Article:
Furthermore, in the film, Lawrence is only made aware of the Sykes–Picot Agreement very late in the story and is shown to be appalled by it, whereas the real Lawrence knew about it much earlier, while fighting alongside the Arabs.

Lawrence's biographers have had a mixed reaction towards the film. Authorised biographer Jeremy Wilson noted that the film has "undoubtedly influenced the perceptions of some subsequent biographers", such as the depiction of the film's Ali as the real Sherif Ali rather than a composite character, and also the highlighting of the Deraa incident. (In fairness to Lean and his writers, the Deraa connection was made by several Lawrence biographers, including Edward Robinson (Lawrence the Rebel) and Anthony Nutting (The Man and the Motive) before the film's release). The film's historical inaccuracies are, in Wilson's view, more troublesome than what can be allowed under normal dramatic licence. At the time, Liddell Hart publicly criticised the film, engaging Bolt in a lengthy correspondence over its portrayal of Lawrence.

Representation of other characters

The film portrays General Allenby as cynical and manipulative, with a superior attitude to Lawrence, but there is much evidence that Allenby and Lawrence respected and liked each other. Lawrence once said that Allenby was "an admiration of mine" and later that he was "physically large and confident and morally so great that the comprehension of our littleness came slow to him". The fictional Allenby's words at Lawrence's funeral in the film stand in contrast to the real Allenby's remarks upon Lawrence's death: "I have lost a good friend and a valued comrade. Lawrence was under my command, but, after acquainting him with my strategical plan, I gave him a free hand. His co-operation was marked by the utmost loyalty, and I never had anything but praise for his work, which, indeed, was invaluable throughout the campaign." Allenby also spoke highly of him numerous times and, much to Lawrence's delight, publicly endorsed the accuracy of Seven Pillars of Wisdom. Allenby did manipulate Lawrence during the war, but their relationship lasted for years after its end, indicating that in real life they were friendly, if not close. The Allenby family was particularly upset by the Damascus scenes, where Allenby coldly allows the town to fall into chaos as the Arab Council collapses.

Similarly, General Murray was initially sceptical of the Arab Revolt's potential, but he thought highly of Lawrence's abilities as an intelligence officer; indeed, it was largely through Lawrence's persuasion that Murray came to support the revolt. The intense dislike shown toward Lawrence in the film is in fact the opposite of Murray's real feelings, although for his part Lawrence seemed not to hold Murray in any high regard.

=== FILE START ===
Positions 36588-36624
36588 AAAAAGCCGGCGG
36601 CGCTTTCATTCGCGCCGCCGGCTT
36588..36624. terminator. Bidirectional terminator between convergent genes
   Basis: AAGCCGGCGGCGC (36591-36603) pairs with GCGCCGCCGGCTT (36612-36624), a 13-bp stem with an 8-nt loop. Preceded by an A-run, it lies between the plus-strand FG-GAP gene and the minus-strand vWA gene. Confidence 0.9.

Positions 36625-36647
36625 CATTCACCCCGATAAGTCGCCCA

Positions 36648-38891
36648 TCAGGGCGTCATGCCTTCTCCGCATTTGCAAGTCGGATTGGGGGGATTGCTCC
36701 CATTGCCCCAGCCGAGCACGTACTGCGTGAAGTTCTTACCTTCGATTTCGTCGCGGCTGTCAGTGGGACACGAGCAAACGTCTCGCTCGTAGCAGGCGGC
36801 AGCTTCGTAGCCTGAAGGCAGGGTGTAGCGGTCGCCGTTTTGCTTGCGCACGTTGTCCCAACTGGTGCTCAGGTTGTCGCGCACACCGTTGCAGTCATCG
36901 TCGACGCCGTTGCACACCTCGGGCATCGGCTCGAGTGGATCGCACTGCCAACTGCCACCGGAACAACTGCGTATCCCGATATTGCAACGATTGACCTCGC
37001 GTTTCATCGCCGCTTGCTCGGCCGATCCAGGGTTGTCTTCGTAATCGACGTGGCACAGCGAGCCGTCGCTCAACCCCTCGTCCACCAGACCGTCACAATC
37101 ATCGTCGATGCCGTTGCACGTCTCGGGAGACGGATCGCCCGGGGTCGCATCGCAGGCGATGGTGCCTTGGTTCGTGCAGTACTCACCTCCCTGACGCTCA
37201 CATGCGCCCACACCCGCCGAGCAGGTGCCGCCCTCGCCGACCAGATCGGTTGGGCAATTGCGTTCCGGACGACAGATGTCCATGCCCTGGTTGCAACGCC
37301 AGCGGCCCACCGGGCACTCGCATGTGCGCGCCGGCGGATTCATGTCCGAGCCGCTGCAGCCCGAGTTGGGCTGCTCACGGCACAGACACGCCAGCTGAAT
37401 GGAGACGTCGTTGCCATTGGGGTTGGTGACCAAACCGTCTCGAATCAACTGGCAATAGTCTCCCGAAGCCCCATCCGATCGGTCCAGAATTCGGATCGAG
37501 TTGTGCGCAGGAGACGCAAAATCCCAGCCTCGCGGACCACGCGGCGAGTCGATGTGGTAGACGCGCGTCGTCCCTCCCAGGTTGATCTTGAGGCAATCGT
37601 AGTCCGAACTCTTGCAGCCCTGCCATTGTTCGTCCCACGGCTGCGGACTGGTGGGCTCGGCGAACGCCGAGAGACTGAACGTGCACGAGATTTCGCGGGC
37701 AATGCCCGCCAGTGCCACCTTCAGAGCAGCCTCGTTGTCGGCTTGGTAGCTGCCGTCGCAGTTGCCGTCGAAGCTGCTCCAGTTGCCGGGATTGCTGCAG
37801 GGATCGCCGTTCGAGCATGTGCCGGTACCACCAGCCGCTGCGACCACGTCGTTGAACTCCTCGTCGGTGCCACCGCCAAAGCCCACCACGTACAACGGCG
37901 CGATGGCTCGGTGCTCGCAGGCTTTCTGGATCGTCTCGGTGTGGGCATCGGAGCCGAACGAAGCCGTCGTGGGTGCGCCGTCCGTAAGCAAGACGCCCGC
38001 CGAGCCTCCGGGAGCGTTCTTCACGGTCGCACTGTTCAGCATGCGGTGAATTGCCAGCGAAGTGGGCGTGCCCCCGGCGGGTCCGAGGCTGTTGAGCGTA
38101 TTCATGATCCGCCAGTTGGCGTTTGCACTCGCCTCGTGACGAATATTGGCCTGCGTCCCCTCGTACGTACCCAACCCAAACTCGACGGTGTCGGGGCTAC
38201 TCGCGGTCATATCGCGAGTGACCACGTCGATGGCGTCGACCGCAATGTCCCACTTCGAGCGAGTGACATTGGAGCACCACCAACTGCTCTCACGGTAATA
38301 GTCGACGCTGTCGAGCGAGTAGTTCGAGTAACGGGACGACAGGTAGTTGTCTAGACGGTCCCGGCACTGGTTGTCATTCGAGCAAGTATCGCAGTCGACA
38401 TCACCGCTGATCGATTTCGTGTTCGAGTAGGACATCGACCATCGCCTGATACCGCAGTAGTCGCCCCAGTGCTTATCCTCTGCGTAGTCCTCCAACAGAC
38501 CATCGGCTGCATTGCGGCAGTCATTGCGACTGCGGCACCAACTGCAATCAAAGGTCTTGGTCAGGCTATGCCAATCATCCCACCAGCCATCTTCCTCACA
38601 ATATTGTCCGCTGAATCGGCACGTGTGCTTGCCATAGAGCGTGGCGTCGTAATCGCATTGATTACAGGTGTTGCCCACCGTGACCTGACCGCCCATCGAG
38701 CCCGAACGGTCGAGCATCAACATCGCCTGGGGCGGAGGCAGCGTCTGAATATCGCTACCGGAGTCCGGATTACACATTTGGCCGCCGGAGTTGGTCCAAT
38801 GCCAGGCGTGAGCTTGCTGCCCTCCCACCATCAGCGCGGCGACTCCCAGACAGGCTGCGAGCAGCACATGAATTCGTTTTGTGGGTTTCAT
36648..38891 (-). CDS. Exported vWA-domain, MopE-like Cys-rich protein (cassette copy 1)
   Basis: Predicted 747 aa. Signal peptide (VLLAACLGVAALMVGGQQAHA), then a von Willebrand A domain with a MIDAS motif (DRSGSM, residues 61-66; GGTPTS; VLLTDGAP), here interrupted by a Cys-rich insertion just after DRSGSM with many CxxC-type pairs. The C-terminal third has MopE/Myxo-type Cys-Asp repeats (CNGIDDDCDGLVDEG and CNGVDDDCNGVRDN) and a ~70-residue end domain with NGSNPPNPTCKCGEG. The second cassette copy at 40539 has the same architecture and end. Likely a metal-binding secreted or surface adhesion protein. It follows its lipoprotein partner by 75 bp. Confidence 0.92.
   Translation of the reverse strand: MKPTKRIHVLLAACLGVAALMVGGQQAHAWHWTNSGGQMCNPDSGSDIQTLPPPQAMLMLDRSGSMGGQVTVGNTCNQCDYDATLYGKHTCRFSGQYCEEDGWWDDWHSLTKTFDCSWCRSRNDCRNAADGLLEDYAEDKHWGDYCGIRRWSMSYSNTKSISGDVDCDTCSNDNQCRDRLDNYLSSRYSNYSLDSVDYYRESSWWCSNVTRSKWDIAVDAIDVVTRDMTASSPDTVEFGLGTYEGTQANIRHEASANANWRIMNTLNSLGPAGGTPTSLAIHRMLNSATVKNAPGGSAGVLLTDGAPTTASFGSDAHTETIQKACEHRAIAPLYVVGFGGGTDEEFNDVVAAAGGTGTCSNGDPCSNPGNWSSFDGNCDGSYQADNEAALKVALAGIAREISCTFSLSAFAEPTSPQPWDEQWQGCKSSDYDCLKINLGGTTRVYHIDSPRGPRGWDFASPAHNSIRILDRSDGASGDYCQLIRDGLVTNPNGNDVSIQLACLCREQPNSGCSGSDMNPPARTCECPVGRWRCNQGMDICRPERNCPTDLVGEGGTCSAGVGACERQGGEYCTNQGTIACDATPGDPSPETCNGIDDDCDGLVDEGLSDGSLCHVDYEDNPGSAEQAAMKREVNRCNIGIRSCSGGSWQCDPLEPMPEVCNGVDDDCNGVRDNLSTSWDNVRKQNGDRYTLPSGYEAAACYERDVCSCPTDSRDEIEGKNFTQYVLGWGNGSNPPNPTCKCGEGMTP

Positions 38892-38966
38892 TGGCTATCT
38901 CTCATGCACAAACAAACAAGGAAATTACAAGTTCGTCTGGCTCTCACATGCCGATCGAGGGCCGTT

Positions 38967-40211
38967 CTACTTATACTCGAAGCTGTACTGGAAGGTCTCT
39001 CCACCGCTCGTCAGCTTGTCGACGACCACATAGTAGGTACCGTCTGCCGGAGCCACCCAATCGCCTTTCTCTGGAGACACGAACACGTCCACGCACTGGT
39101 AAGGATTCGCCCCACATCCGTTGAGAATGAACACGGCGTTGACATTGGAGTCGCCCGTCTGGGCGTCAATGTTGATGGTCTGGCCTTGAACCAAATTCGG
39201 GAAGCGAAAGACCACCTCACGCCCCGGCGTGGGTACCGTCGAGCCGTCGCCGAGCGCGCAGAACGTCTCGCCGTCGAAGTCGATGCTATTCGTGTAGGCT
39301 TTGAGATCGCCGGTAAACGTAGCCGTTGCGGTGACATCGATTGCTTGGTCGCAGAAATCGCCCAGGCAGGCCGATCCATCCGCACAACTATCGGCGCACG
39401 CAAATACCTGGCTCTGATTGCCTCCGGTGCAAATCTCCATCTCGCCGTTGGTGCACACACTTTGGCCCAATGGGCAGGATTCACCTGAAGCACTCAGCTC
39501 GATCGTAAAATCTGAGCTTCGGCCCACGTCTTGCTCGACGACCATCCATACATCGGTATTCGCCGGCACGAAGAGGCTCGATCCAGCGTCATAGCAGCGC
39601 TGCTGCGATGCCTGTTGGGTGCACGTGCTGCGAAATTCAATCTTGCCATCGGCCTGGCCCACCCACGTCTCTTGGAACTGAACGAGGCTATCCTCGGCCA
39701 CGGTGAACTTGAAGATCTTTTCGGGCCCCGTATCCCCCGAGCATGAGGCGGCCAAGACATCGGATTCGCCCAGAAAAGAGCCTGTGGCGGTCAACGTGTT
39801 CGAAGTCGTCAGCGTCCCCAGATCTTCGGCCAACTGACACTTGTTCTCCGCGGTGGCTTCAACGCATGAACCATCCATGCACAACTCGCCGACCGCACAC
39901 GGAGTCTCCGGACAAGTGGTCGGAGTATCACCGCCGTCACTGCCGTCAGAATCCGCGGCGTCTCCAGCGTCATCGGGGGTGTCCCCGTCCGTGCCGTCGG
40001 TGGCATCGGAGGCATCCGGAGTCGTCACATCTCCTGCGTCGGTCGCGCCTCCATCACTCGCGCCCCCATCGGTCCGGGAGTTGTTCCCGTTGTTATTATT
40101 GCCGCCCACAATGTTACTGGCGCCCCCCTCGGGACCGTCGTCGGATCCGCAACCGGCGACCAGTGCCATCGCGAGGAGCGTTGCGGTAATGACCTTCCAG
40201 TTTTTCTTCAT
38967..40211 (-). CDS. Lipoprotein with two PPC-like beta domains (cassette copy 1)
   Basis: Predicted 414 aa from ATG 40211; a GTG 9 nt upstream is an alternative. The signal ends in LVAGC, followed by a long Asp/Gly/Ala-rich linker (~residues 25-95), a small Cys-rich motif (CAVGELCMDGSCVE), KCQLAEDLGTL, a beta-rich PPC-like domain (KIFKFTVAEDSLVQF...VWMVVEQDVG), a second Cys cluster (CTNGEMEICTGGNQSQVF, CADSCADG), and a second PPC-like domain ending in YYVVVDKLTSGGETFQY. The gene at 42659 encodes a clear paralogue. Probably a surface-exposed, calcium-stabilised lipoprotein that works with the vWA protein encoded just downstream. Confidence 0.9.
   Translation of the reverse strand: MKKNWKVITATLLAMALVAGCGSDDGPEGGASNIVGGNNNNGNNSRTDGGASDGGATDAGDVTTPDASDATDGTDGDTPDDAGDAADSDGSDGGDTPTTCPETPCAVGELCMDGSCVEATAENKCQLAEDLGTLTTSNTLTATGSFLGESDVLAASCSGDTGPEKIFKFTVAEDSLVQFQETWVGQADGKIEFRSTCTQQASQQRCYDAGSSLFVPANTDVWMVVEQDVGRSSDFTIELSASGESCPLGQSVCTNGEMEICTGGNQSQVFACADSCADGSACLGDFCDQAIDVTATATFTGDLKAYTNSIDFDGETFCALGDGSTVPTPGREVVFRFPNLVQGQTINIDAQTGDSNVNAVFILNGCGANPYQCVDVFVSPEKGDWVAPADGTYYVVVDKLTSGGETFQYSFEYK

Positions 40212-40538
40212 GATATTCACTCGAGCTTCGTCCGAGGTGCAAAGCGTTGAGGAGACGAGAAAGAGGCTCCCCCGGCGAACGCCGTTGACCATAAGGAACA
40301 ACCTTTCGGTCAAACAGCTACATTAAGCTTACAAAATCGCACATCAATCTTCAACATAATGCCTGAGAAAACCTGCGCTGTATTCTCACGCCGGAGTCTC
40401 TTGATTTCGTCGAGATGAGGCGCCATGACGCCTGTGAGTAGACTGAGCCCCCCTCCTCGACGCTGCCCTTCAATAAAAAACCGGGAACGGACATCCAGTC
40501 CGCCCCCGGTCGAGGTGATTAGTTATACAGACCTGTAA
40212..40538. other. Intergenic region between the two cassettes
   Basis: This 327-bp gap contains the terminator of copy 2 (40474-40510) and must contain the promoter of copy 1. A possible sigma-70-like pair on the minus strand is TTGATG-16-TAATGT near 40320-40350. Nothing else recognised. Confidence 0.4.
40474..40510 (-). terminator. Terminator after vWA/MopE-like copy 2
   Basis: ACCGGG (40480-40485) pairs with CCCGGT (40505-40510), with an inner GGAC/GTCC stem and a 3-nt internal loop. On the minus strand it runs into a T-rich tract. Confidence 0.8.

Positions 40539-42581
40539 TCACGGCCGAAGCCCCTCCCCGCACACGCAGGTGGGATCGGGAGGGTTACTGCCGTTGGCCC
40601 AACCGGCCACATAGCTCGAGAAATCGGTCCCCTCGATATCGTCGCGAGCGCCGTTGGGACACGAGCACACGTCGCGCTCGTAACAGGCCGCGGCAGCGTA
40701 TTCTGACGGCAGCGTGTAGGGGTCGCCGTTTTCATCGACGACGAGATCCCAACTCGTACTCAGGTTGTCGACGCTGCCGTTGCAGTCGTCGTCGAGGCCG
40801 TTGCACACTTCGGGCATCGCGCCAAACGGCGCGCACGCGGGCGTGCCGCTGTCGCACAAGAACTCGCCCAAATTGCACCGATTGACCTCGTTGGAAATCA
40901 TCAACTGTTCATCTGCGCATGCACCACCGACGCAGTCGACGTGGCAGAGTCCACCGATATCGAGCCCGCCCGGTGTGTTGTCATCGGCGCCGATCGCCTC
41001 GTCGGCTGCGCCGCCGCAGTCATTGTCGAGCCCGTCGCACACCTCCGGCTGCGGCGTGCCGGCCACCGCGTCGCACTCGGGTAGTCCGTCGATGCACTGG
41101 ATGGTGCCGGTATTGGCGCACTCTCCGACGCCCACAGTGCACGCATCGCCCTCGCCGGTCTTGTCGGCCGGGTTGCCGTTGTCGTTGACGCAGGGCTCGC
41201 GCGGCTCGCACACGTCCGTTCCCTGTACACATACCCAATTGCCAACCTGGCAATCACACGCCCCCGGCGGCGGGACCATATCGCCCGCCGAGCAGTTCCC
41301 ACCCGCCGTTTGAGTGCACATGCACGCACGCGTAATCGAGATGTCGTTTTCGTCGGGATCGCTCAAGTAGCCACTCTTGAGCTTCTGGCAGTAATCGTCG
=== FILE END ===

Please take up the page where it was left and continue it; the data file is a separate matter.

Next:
The depiction of Auda abu Tayi as a man interested only in loot and money is also at odds with the historical record. Auda did at first join the revolt for monetary reasons, but he quickly became a steadfast supporter of Arab independence, notably after Aqaba's capture. He refused repeated bribery attempts by the Turks (though he happily pocketed their money) and remained loyal to the revolt, going so far as to knock out his false teeth, which were Turkish made. He was present with Lawrence from the beginning of the Aqaba expedition and in fact helped plan it along with Lawrence and Prince Faisal.

Faisal was far from being the middle-aged man depicted and was in his early 30s at the time of the revolt. Faisal and Lawrence respected each other's capabilities and intelligence. They worked well together.

The reactions of those who knew Lawrence and the other characters say much about the film's veracity. The most vehement critic of its accuracy was Professor A. W. (Arnold) Lawrence, the protagonist's younger brother and literary executor, who had sold the rights to Seven Pillars of Wisdom to Spiegel for £25,000. Arnold Lawrence went on a campaign in the United States and Britain denouncing the film, famously saying, "I should not have recognised my own brother". In one pointed talk show appearance, he remarked that he had found the film "pretentious and false". He went on to say that his brother was "one of the nicest, kindest and most exhilarating people I've known. He often appeared cheerful when he was unhappy." Later, Arnold said to the New York Times, "[The film is] a psychological recipe. Take an ounce of narcissism, a pound of exhibitionism, a pint of sadism, a gallon of blood-lust and a sprinkle of other aberrations and stir well." Lowell Thomas was also critical of the portrayal of Lawrence and most of the film's characters, believing that the train attack scenes were the only reasonably accurate aspect of the film.

The criticisms were not restricted to Lawrence. The Allenby family lodged a formal complaint against Columbia about the portrayal of him. Descendants of Auda abu Tayi and the real Sherif Ali went further, suing Columbia despite the fact that the film's Ali was fictional. The Auda case went on for almost 10 years before it was dropped.

The film has its defenders. Biographer Michael Korda, author of Hero: The Life and Legend of Lawrence of Arabia, offers a different opinion. The film is neither "the full story of Lawrence's life or a completely accurate account of the two years he spent fighting with the Arabs," yet Korda argues that criticising its inaccuracy "misses the point": "The object was to produce, not a faithful docudrama that would educate the audience, but a hit picture." Stephen E. Tabachnick goes further than Korda, arguing that the film's portrayal of Lawrence is "appropriate and true to the text of Seven Pillars of Wisdom". British historian of the Arab Revolt David Murphy wrote that, though the film was flawed due to various inaccuracies and omissions, "it was a truly epic movie and is rightly seen as a classic".